How to Kill DOL’s Fiduciary Rule: Andy Friedman

Courts don't like to give injunctions, but if opponents to the rule can get one, ‘the rule is dead,’ the Washington Update analyst says

"You don't hear one word from the Republican contenders about jobs," Friedman said. "You don't hear one word from the Republican contenders about jobs," Friedman said.

In a 75-minute speech and Q&A with attendees of IMCA’s Financial Consultants conference on Tuesday, Andy Friedman of The Washington Update offered both somber and lighthearted views on the presidential and congressional elections, the likelihood of increased federal taxes and the biggest issues facing the new Congress and president.

In his Midtown Manhattan speech, Friedman also addressed the elephant in the room for many advisors and their partners — the Department of Labor’s fiduciary rule under the Employee Retirement Income Security Act — and suggested ways for advisors to provide added value to clients.

Friedman expects the rule, which reached the Office of Management and Budget last week (see DOL Fiduciary Rule Lands at OMB for Review), to be released “within one-and-a-half to two months,” and while he doesn’t expect a “major” rewrite, there may be some “changes around the edge” of the version of the rule released by DOL for public comment in April 2015.

(See DOL Fiduciary Rule Could Arrive by April.)

Yes, there may be some legislation passed by one or more houses of Congress to stop the DOL rule, but to avoid President Barack Obama’s veto, the only congressional option would be to add a defunding clause to the Department’s funding legislation in September. Under the current timeline for the rule — and assuming OMB provides an expedited review — that would be just before the DOL would begin implementation of the rule.

However, Friedman said what is “most likely” would be a “slew of court cases” challenging DOL’s authority to institute a new definition for fiduciary, especially on 401(k)'s and IRAs. Those challenging the rule in court would be “looking for an injunction” against the rule, he said.

“If the industry gets one,” he said of an injunction, “the rule is dead.” That’s partly because if the rule isn’t implemented by the time the next president takes office then it likely won’t be, since new presidents routinely review any rule changes when they take power, regardless of their party affiliation and that of their predecessor.

Yes, “courts don’t like to give injunctions,” Friedman admitted, but the rule’s opponents “could get one.”

(See FSI Vows to Continue Fighting DOL Fiduciary Rule.)

Why is the fiduciary rule happening at all? Friedman said it was presidential support, which arose out of an “incendiary” speech given by Obama in February 2015 at AARP headquarters in Washington. The overriding message from that speech, Friedman said, was that “advice provided by financial advisors is not worth” what clients are paying for that advice.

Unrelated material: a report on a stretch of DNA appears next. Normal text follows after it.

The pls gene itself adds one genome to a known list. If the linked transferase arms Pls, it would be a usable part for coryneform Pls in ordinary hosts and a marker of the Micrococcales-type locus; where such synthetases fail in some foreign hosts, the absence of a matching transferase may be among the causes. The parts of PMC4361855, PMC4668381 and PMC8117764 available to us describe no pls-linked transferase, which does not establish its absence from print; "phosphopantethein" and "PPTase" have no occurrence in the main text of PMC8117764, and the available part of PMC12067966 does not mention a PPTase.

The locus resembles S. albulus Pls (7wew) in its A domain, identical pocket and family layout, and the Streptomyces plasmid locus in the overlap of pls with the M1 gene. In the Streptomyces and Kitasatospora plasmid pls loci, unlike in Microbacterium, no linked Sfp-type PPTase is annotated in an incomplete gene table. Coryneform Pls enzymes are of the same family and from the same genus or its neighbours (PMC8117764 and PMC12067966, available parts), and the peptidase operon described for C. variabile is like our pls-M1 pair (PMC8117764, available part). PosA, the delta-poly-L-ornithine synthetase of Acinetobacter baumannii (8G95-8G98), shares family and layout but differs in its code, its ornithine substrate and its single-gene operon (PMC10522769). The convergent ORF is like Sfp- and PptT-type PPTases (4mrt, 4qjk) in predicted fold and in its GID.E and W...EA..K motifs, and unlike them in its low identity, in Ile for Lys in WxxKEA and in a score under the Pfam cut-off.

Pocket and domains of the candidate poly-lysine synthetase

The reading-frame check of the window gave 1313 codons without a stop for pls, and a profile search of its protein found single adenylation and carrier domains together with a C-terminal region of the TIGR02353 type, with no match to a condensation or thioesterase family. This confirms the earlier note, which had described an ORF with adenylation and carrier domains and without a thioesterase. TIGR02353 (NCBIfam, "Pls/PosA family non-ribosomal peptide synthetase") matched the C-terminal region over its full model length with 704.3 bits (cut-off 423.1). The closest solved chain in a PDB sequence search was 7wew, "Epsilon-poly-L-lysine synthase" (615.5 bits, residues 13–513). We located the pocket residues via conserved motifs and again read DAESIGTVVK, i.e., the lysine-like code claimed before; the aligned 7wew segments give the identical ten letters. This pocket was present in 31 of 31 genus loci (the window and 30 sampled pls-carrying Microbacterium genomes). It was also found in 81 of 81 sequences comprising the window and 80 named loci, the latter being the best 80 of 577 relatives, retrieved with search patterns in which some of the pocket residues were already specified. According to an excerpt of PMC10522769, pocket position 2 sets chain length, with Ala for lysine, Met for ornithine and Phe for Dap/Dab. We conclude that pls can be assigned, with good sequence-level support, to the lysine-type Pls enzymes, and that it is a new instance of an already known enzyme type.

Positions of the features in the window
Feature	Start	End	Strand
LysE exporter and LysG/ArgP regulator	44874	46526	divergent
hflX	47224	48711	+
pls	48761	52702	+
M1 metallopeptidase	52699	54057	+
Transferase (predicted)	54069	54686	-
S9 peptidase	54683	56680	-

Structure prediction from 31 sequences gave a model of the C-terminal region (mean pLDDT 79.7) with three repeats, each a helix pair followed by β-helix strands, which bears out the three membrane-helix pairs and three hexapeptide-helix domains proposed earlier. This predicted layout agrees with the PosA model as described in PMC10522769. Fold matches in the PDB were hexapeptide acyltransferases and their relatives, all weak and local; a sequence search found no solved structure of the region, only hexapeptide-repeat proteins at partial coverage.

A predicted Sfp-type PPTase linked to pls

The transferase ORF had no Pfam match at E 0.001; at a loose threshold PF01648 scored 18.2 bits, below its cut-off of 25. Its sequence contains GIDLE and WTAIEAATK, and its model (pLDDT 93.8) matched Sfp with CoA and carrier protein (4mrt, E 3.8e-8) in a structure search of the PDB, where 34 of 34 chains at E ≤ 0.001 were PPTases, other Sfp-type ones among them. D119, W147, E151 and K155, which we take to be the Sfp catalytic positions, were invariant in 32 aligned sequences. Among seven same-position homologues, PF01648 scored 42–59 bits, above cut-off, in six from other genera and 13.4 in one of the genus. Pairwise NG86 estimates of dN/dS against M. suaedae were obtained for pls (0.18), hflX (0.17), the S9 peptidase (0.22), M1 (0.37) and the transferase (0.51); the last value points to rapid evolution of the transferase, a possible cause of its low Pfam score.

Turning to the issue of the markets and economy and politics, Friedman said that if the decline in the markets we’ve seen since the beginning of the year continued, it will “hurt the Democrats,” particularly Hillary Clinton, the presumptive party nominee. That’s because Clinton has tied herself so closely to Obama and his economic policies. “You may argue that he had little influence” over the recovering economy, Friedman said, but you can’t dispute that economically the country is better off. One sign of the improving economy: “You don’t hear one word from the Republican contenders about jobs,” Friedman said.

Speaking of Republican contenders, Friedman suggested that if Donald Trump continues to do well in the primaries, “there’s a risk of more volatility in the markets.” The markets hate uncertainty, Friedman said, and “Trump is anything but certain” in what he will say or do.

Regardless of who wins the presidency or controls Congress in this election, the biggest issue will remain the country’s “growing deficit,” the Washington pundit argued. Moreover, that deficit will “accelerate as boomers age; all entitlements will keep rising,” citing as evidence the latest report from the Congressional Budget Office last week on the deficit. A continued increase in interest rates will quicken the pace of the deficit’s growth as well, he argued, since the U.S. will need to pay higher interest rates on its borrowings.

Friedman said advisors' clients could expect higher taxes from the new Congress, though not in higher tax rates — “wealthier clients are paying more in taxes already,” he said. The higher taxes likely in 2017 and beyond will be more in the area of “loophole closers,” similar to what’s already happened with the phaseout of the file-and-suspend Social Security claiming strategy under the budget bill passed in December.

Among the popular loopholes that will be addressed, he predicted, will be the tax-free inheritability of stretch IRAs and 401(k)s, requiring that Roth IRAs be subjected to a required minimum distribution rule and treating all distributions from S corps and partnerships as ordinary income subject to income tax.

As a result, he suggested that advisors “give increased attention to ‘tax drags’ on investment vehicles,” such as harvesting tax losses more effectively. He also suggested that municipal bonds, master limited partnerships and real estate investment trusts should be thought of more favorably in such a higher-tax environment, and that advisors should use the principle of placing tax-inefficient investments inside tax-deferred structures.

-- Related: Bills to Replace DOL Fiduciary Rule Pass House Panel

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